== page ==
MAINE -- Across the country patients on transplant waiting lists are kicked off for using medical marijuana.
In Maine, Garry Godfrey has been on a kidney transplant since 2003. He has Halport Syndrome, a hereditary condition which causes kidney failure at a young age.
Godfrey uses marijuana to cope with the dibilitating pain and to be able to function.In 2010, the state of Maine changed it's policy.
Question 2 was passed by voters in 1999 and took effect later that year, allowing patients to possess and cultivate medical marijuana with an oral or written "professional opinion" from their physician. Patients who are arrested for having more than the allowed amount of marijuana may use a "simple defense" against the charges. Amendments established a confidential registry and identification program (required for eligible patients). Maine allows visiting qualifying medical marijuana patients with a valid medical marijuana identification to medicate within the state.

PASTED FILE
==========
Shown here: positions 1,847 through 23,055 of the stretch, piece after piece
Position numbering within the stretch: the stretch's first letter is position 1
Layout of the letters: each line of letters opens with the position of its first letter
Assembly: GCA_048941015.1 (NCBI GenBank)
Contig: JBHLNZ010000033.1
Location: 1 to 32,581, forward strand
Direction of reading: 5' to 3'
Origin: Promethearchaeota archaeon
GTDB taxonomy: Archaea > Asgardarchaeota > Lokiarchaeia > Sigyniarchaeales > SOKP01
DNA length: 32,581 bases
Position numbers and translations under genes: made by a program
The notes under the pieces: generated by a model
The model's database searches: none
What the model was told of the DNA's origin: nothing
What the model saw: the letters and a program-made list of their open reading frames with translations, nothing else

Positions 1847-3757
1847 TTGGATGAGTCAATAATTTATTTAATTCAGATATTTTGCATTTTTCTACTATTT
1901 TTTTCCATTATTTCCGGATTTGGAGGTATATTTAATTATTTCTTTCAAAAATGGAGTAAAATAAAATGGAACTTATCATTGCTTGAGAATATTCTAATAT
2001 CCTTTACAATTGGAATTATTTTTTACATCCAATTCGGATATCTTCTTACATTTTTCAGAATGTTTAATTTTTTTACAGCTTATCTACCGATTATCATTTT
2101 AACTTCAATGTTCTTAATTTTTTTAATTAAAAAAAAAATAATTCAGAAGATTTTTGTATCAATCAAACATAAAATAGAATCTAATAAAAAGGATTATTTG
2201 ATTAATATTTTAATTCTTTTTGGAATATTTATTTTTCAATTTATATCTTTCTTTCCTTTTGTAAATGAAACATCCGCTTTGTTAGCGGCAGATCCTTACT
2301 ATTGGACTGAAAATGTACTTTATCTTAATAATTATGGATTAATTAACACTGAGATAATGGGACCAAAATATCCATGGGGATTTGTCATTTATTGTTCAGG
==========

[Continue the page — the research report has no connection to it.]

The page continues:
Illnesses: epilepsy and other conditions characterized by seizures; glaucoma; multiple sclerosis and other muscle spasticity disorders; nausea; HIV/AIDS; cancer; hepatitis C; Lou Gehrig's disease; Crohn's disease; Alzheimer's disease; nail-patella syndrome cachexia (other conditions subject to state approval)
Possession: 2.5 ounces of usable marijuana
Cultivation: Six marijuana plants, no more than three of which are mature
Dispensaries: Up to eight non-profit dispensaries, one for each public health district, are allowed under state law
Caregivers: Must be 21 years of age or older and can never have been convicted of a drug offense
Statute: Maine Rev. Stat. tit. 22, 2421 - 2430
Godfrey testified, supporting a bill that would stop hospitals rejecting patients using medical marijuana.The committee now has the following bill before them.
Find out the Marijuana Law in your state: